Image: Sadlyits Bradley/Marcus Kane
Lynch made significant corrections to his HTC leak via Twitter after new sources approached him:
- The device is aimed at prosumers rather than consumers and is expected to cost over $1,000.
- It includes a depth sensor above the 16MP RGB camera.
- It uses an actively cooled Snapdragon XR2 Gen 1 with 8GB of RAM instead of a next-gen chip.
- A face and eye tracking module is planned and will follow later.
HTC has been hinting at a new VR headset for weeks. Youtuber Brad Lynch claims to have leaked the design and technology.
Lynch reached out to industry sources, particularly those in the supply chain, and got hold of photos of the VR headset. To protect the sources of the leak, Lynch had 3D designer Marcus Kane create renders of the device based on these photos. Lynch previously worked with Kane on his Quest Pro leaks.
Since the photos leaked to Lynch don’t show the helmet from all sides, Kane had to take design liberties in some areas.
A mix of Vive Flow and Vive Focus 3
HTC’s new headset doesn’t have a name yet. Lynch calls it the HTC Vive “Flowcus” because the device combines the design and slim form factor of the HTC Vive Flow with the technical performance of the HTC Vive Focus 3 (test).
The case is visually reminiscent of the Vive Flow and has pancake lentils like the latter, the helmet itself is rather thin.
Technically, however, the device is much more powerful: it works completely independently like the Vive Focus 3.
Vive Flow still needed a smartphone like Pocket PC. Additionally, the integrated SoC is “significantly faster” than the Snapdragon XR2 Gen 1, which runs in Meta Quest 2 and Vive Focus 3, among others, according to Lynch’s sources.
Lynch sources could not confirm exactly which chip it is. The most likely candidate is the Snapdragon XR2 Gen 2, which is expected to be unveiled tonight. It could offer up to three times more graphics performance than the last generation chip.
HTC Vive “Flowcus” is a full 6 degrees of freedom headset, Lynch said. Vive Focus 3 controllers are used as input devices. Vive Flow was also 6-DoF, but only offered a 3-DoF smartphone controller.
New Vive headset offers color shifting and diopter adjustment
Similar to the Pico 4, HTC’s new headset has four tracking cameras and a built-in RGB sensor. The HTC Vive “Flowcus” is supposed to offer color passthrough. The VR headset has two built-in LCD screens with a resolution of 1920 by 1920 pixels which operate at a maximum refresh rate of 120 hertz.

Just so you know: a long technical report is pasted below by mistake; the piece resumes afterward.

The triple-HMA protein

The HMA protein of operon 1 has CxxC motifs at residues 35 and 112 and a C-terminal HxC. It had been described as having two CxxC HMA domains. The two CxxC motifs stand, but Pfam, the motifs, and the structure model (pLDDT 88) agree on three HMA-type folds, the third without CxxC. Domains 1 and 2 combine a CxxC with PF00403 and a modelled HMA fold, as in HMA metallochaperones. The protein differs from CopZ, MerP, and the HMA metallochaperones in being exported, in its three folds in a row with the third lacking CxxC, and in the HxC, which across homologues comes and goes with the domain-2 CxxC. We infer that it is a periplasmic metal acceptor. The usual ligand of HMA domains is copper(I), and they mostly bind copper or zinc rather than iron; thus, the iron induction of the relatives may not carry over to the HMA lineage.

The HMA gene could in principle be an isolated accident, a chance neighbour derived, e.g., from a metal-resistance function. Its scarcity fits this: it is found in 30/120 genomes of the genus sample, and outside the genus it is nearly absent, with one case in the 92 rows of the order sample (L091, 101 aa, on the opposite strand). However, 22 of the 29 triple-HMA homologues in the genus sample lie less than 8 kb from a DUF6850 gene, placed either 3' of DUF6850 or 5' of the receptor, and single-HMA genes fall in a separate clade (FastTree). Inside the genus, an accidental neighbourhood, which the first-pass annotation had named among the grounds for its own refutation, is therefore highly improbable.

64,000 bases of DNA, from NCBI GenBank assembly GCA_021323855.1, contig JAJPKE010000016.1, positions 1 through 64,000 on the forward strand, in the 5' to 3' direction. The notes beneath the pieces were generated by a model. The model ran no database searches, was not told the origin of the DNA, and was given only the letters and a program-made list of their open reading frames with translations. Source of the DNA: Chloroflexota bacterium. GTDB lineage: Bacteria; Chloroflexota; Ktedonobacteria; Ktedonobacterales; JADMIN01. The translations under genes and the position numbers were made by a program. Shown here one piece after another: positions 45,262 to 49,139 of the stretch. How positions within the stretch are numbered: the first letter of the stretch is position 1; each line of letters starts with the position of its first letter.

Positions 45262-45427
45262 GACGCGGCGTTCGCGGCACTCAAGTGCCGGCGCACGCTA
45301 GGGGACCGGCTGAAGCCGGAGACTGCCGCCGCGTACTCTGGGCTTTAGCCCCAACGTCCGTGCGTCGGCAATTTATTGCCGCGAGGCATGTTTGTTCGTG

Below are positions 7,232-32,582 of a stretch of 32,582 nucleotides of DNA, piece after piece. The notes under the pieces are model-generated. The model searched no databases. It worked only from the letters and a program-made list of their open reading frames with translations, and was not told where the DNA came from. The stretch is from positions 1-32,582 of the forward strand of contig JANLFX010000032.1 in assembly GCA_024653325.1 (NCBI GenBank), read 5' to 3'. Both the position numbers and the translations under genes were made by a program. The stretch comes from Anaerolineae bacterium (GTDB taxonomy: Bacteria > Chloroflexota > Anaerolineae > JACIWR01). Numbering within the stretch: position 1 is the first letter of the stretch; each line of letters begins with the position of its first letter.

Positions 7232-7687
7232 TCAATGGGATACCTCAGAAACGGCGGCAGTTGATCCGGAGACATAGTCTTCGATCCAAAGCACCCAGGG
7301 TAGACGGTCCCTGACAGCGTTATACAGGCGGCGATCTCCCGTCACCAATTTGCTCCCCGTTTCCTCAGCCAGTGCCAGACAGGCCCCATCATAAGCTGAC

The HTC Vive “Flowcus” adopts perhaps the best feature of the HTC Vive Flow: a visual acuity adjustment directly on the lenses that allows you to set your diopter number, eliminating the need to wear headphones or lenses. of contact.
Unlike the HTC Vive Flow, the lens distance can also be adjusted via a physical slider. For total virtual reality immersion, you can attach a light shield to the case.
New HTC headset supports PC and USB-C connection
One of the coolest features of the HTC Vive “Flowcus” is its modular design: the rear part of the head mount, which also houses the battery, can be removed.
This allows the device to be used as particularly light glasses for on the go, which can be connected to an external drive (such as a smartphone or PC) via a USB-C cable (see cover photo). In this “glasses mode”, the temples can be folded down like real glasses. Sound comes from built-in stereo speakers.
Lynch further reports that the HTC Vive “Flowcus” has a USB-C port. This could be for eye and face tracking modules, similar to the Vive Focus 3, which would allow the headset to be upgraded with hardware features in the future.
According to Lynch’s sources, the device will launch in early 2023 and will have a consumer price tag.
Since HTC isn’t known for subsidizing hardware, the headset probably won’t be cheap anyway. According to Lynch insiders, the price will be below $1,000. HTC could unveil the device in January at CES 2023.